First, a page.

Resignations at the Royal Society

Nothing to do with Harry and Meghan, but we hear the Royal Society of Musicians is in turmoil.

Recent resignations include Phoebe Fullbrook, Membership Secretary, Penny Ryan, Administrative advisor, George Vass, Treasurer and Corinne Littlehales, the popular Caseworker.

In addition, after last night’s meeting, ‘Hazel Mulligan has resigned as Governor. This is because Hazel is not happy with the direction that the RSM is heading in.’

And the composer Robert Saxton has resigned as Member of the Court of Assistants.

The RSM exists ‘to provide vital financial assistance, advice and guidance to those professionally active in the world of music but who are unable to work due to accident, illness or old age.’

Not a pack of happy campers.

 

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  • Mr. Lebrecht, still nothing on the death of the great German composer, Volker David Kirchner? He composed the greatest Reguiem since Brahms and the greatest concert mass (the Missa Moguntina) since Beethoven (speaking only of German composers).

  • I am a firm believer in the continuation of the royal family in Britain (not necessarily in Australia), but perhaps we are expecting too much virtue from its members. In an age of intrusive media they cannot live up to it. The royal family can do much good, as well as adding much needed colour to Britain, as long as we turn a blind eye to their more human qualities.

    • The royal family are the biggest scroungers in the UK, living a life of enormous luxury at the expense of taxpayers and the Crown Estate (which, contrary to what a lot of propaganda would have you believe, belongs to the nation, *not* to the Windsor family). The senior royals also have enormous influence over and access to the levers of political power (e.g.: the use of royal prerogative to prorogue parliament illegally in September 2019); the precise manner in which such unaccountable and undeserved power is exercised is impossible to ascertain, since the meetings and correspondence between them and government ministers are secret and exempt from the Freedom of Information Act.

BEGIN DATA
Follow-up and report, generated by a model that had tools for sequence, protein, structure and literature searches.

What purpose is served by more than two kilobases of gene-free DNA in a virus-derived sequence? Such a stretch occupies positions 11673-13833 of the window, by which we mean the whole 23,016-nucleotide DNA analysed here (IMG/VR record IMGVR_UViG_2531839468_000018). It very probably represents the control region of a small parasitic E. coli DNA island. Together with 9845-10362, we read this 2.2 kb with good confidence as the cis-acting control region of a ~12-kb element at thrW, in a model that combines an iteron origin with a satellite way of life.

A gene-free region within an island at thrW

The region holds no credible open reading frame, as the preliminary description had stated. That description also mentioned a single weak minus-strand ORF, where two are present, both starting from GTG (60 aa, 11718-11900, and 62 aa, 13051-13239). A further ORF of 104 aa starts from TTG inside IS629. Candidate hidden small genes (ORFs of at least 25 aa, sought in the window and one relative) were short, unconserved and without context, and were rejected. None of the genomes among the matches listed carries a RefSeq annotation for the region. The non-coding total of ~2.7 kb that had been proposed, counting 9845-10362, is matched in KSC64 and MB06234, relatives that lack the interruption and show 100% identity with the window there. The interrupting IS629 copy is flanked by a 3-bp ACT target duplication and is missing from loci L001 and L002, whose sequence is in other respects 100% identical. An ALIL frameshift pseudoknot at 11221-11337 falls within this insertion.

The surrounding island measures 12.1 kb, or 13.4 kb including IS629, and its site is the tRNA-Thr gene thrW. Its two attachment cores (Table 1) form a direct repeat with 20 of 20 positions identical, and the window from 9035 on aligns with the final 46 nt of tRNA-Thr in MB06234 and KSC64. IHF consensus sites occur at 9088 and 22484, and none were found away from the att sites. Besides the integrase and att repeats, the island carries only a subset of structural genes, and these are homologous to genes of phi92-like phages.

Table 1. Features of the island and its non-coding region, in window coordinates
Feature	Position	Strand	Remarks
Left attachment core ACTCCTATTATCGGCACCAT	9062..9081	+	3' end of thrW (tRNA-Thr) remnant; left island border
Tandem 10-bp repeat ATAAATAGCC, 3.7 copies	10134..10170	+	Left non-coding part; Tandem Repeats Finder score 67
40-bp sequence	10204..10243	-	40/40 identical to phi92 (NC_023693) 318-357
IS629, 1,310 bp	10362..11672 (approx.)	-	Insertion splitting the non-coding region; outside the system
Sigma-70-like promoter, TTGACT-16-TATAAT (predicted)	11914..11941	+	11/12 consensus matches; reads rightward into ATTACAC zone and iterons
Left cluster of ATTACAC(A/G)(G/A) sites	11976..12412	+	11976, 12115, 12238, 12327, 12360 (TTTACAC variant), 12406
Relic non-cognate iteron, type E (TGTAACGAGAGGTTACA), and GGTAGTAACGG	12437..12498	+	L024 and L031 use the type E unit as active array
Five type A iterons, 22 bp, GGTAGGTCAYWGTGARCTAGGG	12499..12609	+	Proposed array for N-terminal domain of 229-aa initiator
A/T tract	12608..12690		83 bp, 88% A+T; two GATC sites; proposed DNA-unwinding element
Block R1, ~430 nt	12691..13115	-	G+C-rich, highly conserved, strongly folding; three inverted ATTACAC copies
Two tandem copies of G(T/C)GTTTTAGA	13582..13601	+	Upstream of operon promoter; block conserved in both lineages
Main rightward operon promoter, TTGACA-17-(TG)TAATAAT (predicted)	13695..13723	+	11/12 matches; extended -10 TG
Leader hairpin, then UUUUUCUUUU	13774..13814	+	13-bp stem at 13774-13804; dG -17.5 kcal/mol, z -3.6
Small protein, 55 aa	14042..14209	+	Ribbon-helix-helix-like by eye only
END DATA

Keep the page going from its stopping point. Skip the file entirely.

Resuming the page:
I am not willing to “turn a blind eye to” these abuses of democracy and meritocracy that have persisted into the present day, funded by my taxes; I want a republic.

      There are plenty of people who “do much good, as well as adding much needed colour to Britain”, without having had arbitrary hereditary privileges and lavish financial support conferred upon them by the state.

  • if the RS has ‘money problems’, it must surely be because of their absurdly cheap annual subscription of only £5, yes FIVE pounds!

  • The Royal Society of Musicians is a disgrace and should be investigated by the charity commission.[redacted]

    The RSM is a lifestyle vehicle for a tiny group of people to sit around indulging themselves in a Georgian mansion in Fitzroy Square. Anyone who glances through their annual report on the Charity Commission can see just how idle they are. They are sitting on £32M of assets, giving away a few hundred thousand pounds in grants to an unidentified group of musicians through a system that is opaque at best.

    Why on earth does this society need to spend millions of pounds purchasing and redecorating super-prime real-estate in the heart of London so they can host some tea parties?